DOWNTOWN DENTAL GROUP
161 W. Wisconsin Avenue
Suite 5036
Milwaukee, WI 53203
414.278.6070
GRANT PARK DENTAL
1333 College Avenue
Suite C
South Milwaukee, WI 53172
414.764.6070
The temporomandibular (tem-puh-roe-mun-DIB-u-lur) joint (TMJ) acts like a sliding hinge, connecting your jawbone to your skull. TMJ disorders can cause pain in your jaw joint and in the muscles that control jaw movement.
Signs and symptoms may include:
  • Abraded teeth
  • Chipped or cracked teeth
  • Facial pain
  • Overly sensitive teeth
  • Tense facial and jaw muscles
  • Headaches, especially upon waking
  • Dislocation of the jaw
  • Wearing away of the tooth enamel, exposing the underlying dentin
    (inside of the tooth)
  • A popping or clicking in the temporomandibular joint (TMJ)
  • Tongue indentations
  • Damage to the inside of the cheek
Diagnosing TMJ
If I clench or grind my teeth, what should I do?
One of the first places to start when trying to diagnose TMJ problems is determining whether you clench or grind your teeth. Bruxism is the term that refers to an incessant grinding and clenching of the teeth, unintentionally and at inappropriate times. Bruxers (persons with bruxism) are often unaware that they have developed this habit, and often do not know that treatment is available for the mouth and teeth until damage has been done. There are many different symptoms, but each individual may experience symptoms differently. One of the first places to start when trying to diagnose TMJ problems is determining whether you clench or grind your teeth. Bruxism is the term that refers to an incessant grinding and clenching of the teeth, unintentionally and at inappropriate times. Bruxers (persons with bruxism) are often unaware that they have developed this habit, and often do not know that treatment is available for the mouth and teeth until damage has been done. There are many different symptoms, but each individual may experience symptoms differently.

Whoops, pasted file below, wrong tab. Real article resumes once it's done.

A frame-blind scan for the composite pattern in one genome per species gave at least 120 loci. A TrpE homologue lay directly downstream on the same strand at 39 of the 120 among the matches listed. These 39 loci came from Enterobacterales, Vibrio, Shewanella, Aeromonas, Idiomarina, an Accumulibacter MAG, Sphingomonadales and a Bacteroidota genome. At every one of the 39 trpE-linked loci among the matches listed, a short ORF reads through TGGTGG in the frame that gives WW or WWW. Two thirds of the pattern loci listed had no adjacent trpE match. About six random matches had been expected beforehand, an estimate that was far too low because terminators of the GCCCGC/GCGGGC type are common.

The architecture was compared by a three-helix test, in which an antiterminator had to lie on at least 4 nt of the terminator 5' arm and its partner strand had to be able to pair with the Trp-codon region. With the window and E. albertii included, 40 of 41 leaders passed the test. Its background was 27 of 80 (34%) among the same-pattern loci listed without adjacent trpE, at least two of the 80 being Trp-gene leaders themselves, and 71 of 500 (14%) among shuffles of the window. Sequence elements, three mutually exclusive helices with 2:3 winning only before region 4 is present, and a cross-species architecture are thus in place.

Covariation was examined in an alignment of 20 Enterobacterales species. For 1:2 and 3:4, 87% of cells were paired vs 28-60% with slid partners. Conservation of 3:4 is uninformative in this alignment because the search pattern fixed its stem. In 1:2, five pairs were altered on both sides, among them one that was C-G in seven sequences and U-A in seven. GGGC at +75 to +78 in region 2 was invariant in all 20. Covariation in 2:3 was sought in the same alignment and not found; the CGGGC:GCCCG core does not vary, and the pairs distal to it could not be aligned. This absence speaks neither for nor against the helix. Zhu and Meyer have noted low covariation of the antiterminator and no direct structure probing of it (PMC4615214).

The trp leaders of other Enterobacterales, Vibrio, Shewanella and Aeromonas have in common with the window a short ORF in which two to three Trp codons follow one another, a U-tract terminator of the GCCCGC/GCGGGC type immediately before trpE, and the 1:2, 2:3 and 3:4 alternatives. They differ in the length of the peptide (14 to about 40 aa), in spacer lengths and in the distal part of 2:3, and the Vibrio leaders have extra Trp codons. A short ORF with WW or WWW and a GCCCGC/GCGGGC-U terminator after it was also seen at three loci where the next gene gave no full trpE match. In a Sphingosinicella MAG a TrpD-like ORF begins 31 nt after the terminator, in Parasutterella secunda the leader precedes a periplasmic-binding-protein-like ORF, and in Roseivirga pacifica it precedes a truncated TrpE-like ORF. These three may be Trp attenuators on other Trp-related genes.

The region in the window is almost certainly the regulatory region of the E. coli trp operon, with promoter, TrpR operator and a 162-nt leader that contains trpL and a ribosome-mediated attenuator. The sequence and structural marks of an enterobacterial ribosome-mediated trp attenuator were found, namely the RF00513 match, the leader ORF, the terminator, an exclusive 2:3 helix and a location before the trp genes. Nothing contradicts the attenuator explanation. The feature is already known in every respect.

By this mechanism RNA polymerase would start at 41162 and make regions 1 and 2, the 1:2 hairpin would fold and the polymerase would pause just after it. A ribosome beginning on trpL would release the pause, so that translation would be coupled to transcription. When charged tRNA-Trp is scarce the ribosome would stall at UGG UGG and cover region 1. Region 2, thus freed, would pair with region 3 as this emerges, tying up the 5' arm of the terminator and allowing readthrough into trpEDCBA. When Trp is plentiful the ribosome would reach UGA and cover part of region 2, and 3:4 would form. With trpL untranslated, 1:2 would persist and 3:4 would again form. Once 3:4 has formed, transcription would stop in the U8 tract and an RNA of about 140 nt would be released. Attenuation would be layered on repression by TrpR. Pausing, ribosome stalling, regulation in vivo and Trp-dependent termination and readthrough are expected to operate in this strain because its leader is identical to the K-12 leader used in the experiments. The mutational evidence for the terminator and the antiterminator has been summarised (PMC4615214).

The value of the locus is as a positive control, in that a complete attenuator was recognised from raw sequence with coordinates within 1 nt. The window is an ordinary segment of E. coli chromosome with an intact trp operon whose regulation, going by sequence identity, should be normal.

Most often we would recommend the use of an occlusal guard, an appliance worn while sleeping. The occlusal guard can act as a cushion, forcing you to apply less pressure to your jaw joint and the teeth themselves. For the majority of patients the occlusal guard significantly lessens the symptoms of bruxism. Sometimes however, more involved treatment may be necessary. If this is the case, we work with fantastic doctors who specialize in TMJ disorders
OCCLUSAL GUARD